The Search for the Golden Feather by Elizabeth J. M. Walker – Part 3

If you missed the first or second part. If you would like more information on She Dreamed of Dragons, the novel this short story is a prequel to. Otherwise, read on!
“Well, this is a first,” Trina said as she walked with Oriella to the main cluster of dorm houses. “You never ask to go to Flora House.”

“I don’t think the forest pixies acted on their own,” Oriella said. “It’s obvious they’re in league with someone and wouldn’t the most obvious group of mages for forest pixies to be in league with be pixie mages?”

“They’re not the same,” Trina said, as they walked up the pristine white steps of Flora House. The dorm that housed mostly pixie mages and female fairy mages looked like a pink and white gingerbread house. There were curlicues around the windows, pastel pink shutters and a wraparound porch painted entirely white. The front door was painted pastel pink and had a large golden knocker in the shape of a rose. Trina reached up and knocked three times.

“Coming!” they heard a sing-song voice answer before the door was pulled open.

A pixie mage with pale blue curls frowned when she saw Trina and Oriella.

“Ew,” she said disgustedly and then abruptly turned away from them to call out, “Eddy! It’s for you!” in her sing-song voice once more. She gave them one more disgusted look before skipping away and not inviting them inside.

Eddy, the only male who lived in Flora House and the only male pixie mage in existence, quickly made his way to the door. He was wearing a freshly ironed pair of grey dress pants and a lilac dress shirt. His brown curls were a mess, but that was the way he purposely styled them.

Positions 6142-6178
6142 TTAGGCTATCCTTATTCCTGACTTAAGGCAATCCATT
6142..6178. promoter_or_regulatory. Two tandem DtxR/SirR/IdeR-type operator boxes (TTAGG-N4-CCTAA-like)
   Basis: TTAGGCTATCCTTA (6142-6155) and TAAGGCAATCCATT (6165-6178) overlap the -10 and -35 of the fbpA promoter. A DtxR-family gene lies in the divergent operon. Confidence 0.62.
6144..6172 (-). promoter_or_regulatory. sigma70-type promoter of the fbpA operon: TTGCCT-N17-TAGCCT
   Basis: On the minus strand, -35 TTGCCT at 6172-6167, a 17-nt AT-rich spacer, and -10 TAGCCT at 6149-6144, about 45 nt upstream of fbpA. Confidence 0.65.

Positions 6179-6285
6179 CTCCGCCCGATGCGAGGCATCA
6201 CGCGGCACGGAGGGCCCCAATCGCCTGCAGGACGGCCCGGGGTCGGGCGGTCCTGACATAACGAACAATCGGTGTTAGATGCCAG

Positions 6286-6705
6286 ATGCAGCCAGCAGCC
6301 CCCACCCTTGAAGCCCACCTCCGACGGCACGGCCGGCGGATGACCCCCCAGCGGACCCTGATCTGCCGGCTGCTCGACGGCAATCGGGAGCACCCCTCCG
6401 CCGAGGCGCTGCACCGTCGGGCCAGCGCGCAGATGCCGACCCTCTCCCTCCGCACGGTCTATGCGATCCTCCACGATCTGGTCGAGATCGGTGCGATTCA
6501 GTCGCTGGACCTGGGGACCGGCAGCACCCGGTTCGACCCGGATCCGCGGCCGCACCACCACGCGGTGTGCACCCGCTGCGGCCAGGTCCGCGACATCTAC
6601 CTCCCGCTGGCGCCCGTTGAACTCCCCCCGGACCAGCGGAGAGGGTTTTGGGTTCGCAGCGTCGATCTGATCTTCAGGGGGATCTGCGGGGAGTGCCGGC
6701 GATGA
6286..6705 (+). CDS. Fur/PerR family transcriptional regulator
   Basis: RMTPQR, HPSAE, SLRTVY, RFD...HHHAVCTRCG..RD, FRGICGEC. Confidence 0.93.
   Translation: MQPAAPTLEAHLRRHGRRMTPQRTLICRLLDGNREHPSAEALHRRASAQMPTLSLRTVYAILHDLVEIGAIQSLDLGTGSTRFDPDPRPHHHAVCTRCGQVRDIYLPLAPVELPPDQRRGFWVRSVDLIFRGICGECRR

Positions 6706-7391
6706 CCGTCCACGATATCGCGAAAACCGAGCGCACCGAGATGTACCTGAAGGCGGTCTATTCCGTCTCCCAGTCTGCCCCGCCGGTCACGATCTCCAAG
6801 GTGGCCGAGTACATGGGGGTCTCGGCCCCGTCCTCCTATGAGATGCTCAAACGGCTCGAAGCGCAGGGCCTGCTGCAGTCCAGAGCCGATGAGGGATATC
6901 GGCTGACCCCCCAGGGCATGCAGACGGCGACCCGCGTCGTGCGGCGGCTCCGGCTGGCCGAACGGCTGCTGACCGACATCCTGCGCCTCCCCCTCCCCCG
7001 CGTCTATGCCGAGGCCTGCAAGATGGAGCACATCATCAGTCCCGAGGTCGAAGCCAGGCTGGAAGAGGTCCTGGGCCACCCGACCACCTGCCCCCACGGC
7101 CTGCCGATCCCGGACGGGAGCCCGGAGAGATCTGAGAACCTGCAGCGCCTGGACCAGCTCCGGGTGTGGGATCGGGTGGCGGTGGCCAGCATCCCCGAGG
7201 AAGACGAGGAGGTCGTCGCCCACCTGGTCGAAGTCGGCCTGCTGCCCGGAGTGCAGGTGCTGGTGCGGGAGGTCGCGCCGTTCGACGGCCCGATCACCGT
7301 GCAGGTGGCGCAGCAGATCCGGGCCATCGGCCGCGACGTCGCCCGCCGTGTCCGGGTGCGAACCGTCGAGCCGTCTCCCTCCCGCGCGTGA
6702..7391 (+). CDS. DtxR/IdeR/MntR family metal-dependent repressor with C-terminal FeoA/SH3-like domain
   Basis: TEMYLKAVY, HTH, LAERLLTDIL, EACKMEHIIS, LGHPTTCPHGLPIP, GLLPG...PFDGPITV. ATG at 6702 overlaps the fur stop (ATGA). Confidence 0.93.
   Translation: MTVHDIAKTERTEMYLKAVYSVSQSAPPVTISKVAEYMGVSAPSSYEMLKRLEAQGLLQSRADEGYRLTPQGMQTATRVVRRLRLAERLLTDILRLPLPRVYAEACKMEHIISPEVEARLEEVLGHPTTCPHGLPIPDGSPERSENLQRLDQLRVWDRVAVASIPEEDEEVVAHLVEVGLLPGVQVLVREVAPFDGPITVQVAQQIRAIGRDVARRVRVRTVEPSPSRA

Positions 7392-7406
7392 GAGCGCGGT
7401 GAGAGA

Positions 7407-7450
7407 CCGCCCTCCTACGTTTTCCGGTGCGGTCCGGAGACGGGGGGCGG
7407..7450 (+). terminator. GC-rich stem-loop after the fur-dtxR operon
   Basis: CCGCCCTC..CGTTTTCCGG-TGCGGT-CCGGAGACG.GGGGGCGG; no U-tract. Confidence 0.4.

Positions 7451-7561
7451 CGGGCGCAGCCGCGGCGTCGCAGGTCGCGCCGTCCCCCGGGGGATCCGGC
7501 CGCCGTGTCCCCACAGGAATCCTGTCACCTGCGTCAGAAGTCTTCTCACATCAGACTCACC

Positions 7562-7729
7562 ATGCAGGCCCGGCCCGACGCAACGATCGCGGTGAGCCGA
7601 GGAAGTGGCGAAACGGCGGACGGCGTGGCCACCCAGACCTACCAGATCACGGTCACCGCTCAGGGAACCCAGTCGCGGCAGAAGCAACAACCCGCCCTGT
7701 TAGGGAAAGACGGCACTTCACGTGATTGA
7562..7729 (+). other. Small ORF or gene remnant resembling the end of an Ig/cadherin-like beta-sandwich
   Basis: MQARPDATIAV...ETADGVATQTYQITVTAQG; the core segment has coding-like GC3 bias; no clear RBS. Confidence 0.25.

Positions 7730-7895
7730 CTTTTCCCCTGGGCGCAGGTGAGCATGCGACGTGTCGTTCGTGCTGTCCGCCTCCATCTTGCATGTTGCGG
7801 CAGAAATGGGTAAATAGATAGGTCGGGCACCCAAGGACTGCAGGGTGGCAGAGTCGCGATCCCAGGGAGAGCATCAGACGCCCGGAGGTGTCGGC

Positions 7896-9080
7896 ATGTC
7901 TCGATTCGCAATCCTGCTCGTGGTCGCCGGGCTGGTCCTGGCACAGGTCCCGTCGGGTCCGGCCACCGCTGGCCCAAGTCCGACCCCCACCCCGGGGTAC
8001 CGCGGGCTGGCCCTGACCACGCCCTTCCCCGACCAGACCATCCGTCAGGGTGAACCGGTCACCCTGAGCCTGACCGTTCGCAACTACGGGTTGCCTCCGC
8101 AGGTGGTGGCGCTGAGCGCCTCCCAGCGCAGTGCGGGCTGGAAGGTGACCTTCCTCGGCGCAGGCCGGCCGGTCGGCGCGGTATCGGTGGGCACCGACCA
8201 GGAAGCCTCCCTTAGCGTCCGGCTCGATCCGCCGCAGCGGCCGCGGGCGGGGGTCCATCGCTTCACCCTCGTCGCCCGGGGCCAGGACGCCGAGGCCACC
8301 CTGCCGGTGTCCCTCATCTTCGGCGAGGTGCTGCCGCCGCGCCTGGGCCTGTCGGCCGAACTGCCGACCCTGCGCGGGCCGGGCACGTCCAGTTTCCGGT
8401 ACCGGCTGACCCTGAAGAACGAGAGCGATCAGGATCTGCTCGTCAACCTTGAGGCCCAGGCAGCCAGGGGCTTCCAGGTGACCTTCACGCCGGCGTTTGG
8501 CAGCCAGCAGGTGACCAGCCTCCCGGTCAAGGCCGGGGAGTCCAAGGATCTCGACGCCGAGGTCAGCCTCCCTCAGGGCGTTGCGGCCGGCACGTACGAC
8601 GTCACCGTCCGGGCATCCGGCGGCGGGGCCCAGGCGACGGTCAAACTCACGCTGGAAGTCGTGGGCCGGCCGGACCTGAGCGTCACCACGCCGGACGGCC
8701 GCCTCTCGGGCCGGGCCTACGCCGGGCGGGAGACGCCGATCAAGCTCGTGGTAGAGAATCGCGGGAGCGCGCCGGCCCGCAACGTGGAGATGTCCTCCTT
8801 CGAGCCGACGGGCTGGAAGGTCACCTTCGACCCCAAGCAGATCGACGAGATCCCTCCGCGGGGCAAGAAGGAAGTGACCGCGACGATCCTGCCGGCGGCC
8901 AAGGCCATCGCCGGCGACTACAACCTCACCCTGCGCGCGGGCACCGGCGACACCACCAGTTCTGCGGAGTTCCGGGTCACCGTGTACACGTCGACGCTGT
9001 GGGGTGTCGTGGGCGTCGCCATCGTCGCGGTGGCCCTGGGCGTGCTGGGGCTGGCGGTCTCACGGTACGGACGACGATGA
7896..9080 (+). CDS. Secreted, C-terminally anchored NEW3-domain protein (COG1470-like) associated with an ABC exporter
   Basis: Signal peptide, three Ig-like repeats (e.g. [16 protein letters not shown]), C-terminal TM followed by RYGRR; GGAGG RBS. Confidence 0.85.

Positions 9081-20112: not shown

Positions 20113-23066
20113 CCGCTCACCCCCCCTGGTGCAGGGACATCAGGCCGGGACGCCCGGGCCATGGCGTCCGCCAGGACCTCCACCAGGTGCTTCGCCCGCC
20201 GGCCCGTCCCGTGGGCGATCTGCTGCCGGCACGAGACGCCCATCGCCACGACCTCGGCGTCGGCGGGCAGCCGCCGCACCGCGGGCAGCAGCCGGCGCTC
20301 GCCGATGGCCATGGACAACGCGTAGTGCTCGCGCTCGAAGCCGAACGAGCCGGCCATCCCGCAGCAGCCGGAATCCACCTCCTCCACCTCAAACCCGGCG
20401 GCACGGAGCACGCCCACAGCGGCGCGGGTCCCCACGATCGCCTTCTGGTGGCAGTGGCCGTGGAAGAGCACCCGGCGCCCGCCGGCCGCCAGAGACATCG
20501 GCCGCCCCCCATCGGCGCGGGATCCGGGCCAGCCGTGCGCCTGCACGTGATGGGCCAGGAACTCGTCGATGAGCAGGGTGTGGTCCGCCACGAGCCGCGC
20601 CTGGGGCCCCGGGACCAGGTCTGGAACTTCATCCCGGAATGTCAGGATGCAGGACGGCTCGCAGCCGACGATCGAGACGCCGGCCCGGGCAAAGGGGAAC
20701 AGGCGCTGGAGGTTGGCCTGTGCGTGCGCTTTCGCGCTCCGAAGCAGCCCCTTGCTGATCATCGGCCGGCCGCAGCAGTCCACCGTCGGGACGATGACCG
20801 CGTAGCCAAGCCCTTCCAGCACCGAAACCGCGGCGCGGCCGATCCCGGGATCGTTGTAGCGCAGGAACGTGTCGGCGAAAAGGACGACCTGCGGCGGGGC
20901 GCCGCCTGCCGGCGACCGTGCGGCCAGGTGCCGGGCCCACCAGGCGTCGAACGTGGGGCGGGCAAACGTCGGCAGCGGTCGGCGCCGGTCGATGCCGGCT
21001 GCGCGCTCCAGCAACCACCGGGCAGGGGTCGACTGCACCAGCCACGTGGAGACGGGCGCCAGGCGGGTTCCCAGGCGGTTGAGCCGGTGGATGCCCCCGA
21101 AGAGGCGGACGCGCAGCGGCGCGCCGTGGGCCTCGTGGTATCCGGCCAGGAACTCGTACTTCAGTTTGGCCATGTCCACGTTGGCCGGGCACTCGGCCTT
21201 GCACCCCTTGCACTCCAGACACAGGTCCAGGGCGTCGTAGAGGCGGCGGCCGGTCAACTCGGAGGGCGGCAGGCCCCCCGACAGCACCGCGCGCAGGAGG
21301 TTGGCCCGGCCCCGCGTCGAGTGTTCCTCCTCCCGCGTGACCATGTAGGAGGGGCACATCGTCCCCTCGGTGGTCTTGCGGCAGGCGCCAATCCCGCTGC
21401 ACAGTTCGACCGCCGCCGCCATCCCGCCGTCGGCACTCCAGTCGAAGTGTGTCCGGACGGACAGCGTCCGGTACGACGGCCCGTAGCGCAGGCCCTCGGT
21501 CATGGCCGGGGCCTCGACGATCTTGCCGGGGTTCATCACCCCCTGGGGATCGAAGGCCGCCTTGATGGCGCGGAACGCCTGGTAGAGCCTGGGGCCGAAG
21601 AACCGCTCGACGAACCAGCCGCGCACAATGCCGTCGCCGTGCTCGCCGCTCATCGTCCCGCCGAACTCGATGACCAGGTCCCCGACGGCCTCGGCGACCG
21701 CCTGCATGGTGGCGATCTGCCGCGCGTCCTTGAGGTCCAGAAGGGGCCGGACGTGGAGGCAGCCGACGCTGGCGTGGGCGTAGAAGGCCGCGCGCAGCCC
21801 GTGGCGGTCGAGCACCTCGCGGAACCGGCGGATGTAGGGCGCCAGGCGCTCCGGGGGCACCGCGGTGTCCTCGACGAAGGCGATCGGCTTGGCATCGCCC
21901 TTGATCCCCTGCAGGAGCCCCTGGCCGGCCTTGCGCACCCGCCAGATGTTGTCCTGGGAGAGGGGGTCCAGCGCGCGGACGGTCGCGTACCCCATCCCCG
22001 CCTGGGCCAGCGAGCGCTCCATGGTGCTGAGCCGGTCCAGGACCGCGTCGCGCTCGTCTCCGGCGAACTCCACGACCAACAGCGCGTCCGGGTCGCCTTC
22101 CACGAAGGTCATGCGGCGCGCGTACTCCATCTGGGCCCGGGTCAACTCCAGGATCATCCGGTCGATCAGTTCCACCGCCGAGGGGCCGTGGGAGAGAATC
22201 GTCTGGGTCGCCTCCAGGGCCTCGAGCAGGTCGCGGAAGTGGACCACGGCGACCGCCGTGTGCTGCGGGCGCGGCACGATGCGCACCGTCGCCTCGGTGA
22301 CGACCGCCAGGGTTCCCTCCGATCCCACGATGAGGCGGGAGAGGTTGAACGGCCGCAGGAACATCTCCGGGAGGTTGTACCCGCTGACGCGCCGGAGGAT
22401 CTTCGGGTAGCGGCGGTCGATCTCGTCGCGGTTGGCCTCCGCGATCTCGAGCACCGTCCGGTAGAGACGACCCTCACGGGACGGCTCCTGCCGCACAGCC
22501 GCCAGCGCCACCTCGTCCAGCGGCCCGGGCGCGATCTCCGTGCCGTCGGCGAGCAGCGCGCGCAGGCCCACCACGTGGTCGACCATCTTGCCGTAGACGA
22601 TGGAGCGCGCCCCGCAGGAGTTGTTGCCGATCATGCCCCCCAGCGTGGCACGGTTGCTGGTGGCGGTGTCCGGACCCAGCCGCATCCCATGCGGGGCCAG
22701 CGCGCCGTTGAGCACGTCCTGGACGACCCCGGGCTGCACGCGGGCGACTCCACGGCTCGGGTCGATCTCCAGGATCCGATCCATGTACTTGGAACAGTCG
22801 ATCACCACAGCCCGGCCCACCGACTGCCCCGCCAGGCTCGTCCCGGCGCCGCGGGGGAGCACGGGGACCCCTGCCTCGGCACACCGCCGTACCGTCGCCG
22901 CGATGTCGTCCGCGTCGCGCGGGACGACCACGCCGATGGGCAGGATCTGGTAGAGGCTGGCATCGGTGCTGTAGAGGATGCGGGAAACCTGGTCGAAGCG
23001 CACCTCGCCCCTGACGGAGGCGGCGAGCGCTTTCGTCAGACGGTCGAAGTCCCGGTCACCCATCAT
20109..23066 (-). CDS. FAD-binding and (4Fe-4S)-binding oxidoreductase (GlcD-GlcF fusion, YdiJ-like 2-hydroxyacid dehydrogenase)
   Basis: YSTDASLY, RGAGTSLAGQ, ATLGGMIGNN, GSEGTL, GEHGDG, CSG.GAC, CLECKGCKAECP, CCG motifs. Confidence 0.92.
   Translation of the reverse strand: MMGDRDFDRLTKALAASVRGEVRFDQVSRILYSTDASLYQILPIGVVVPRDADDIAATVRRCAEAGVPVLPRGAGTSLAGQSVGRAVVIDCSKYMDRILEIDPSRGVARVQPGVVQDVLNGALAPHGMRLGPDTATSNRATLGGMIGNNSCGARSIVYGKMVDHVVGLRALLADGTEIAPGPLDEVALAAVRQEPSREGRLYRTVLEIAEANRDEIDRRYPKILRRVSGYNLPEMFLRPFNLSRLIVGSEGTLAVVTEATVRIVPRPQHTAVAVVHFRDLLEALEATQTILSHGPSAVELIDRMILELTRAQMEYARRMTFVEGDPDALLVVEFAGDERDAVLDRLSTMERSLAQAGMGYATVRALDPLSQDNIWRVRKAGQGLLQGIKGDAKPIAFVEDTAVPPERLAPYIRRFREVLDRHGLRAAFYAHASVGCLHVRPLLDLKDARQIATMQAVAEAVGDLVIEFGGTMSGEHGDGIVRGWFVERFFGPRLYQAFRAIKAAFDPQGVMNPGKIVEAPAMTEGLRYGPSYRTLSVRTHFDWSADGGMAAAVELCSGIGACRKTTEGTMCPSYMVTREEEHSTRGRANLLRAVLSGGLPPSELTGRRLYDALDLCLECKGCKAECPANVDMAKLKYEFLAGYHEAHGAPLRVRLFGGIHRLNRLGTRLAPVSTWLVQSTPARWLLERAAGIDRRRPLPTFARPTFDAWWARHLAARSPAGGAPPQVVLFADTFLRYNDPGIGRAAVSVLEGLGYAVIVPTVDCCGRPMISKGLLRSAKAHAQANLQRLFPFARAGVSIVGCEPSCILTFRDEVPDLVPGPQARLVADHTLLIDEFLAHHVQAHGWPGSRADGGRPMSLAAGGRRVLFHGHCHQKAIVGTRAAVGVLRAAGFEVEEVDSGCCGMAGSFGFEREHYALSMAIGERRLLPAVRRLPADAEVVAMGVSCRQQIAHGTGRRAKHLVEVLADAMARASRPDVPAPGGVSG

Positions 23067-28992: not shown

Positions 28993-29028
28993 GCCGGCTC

“Hey cuz,” he said as he spotted Trina and stepped out onto the porch to join them. “Elf mage,” he said to Oriella with a nod.

“We have names,” Oriella told him, arms crossed over her chest.

Trina shook her head. Her roommate and her cousin were not the best of friends. Or even friends.

“What brings the two of you here this fine Saturday morning?” he asked as he flopped down onto the porch swing.

“Sir Gadison’s Golden Feather was stolen from Knox House,” Trina said, sitting next to him on the swing. Oriella chose to lean against the porch railing across from them, arms still crossed.

“So?” Eddy asked.

“By forest pixies,” Trina said.

“And again…so?” Eddy asked.

“Forest pixies don’t steal things,” Oriella said. “They make mud pies on our front steps and they sing ridiculous songs at the top of their lungs, but they don’t enter mage dwellings and they don’t steal things. They were obviously working with or for someone. Someone who has a connection to pixies.”

“You think I hired pixies to steal your stupid feather?” Eddy asked.

“Not you specifically,” Trina said, “but maybe one of the many pixie mage girls you live with. Maybe you…saw something? Heard something? Someone mentioning the feather? Someone mentioning how much they hate Knox House?”

“They all hate Knox House,” Eddy said. “Well, maybe not hate but, you know, you set things on fire. You fire mages are scary.”

As if on cue, Trina sneezed another fiery sneeze and the wooden armrest of the porch swing caught on fire. Trina quickly smothered the fire with her hands, but it was too late. The wood connecting the swing to the chains it hung on was completely burned and it broke from the chain, causing Trina’s side of the swing to completely fall to the ground. Trina went tumbling onto the porch with Eddy rolling on top of her.

The front door of Flora House was yanked open. A pixie mage with dark purple hair stomped out, surrounded by other colourful-haired pixie mages.

“Get off our porch, dragon mage!” she shouted. “You too, elf girl!”

“I’m sorry!” Trina said as she got back on her feet and helped Eddy up. Oriella was casually strolling back down the front steps.

“I’m so sorry!” Trina called again as she quickly ran down the steps.

“Sorry,” Eddy said, glancing from the pixie mages to his cousin to the broken swing. He followed Trina down the stairs and down the path away from the house.

“What was that?” Eddy asked as he caught up to the girls. “You sneeze fire now?”

“Apparently,” Trina said. “Maybe I have a cold. Or allergies.”

“Maybe you should stay away from people, and porch swings, until you figure out why you’re sneezing fire,” Eddy said.


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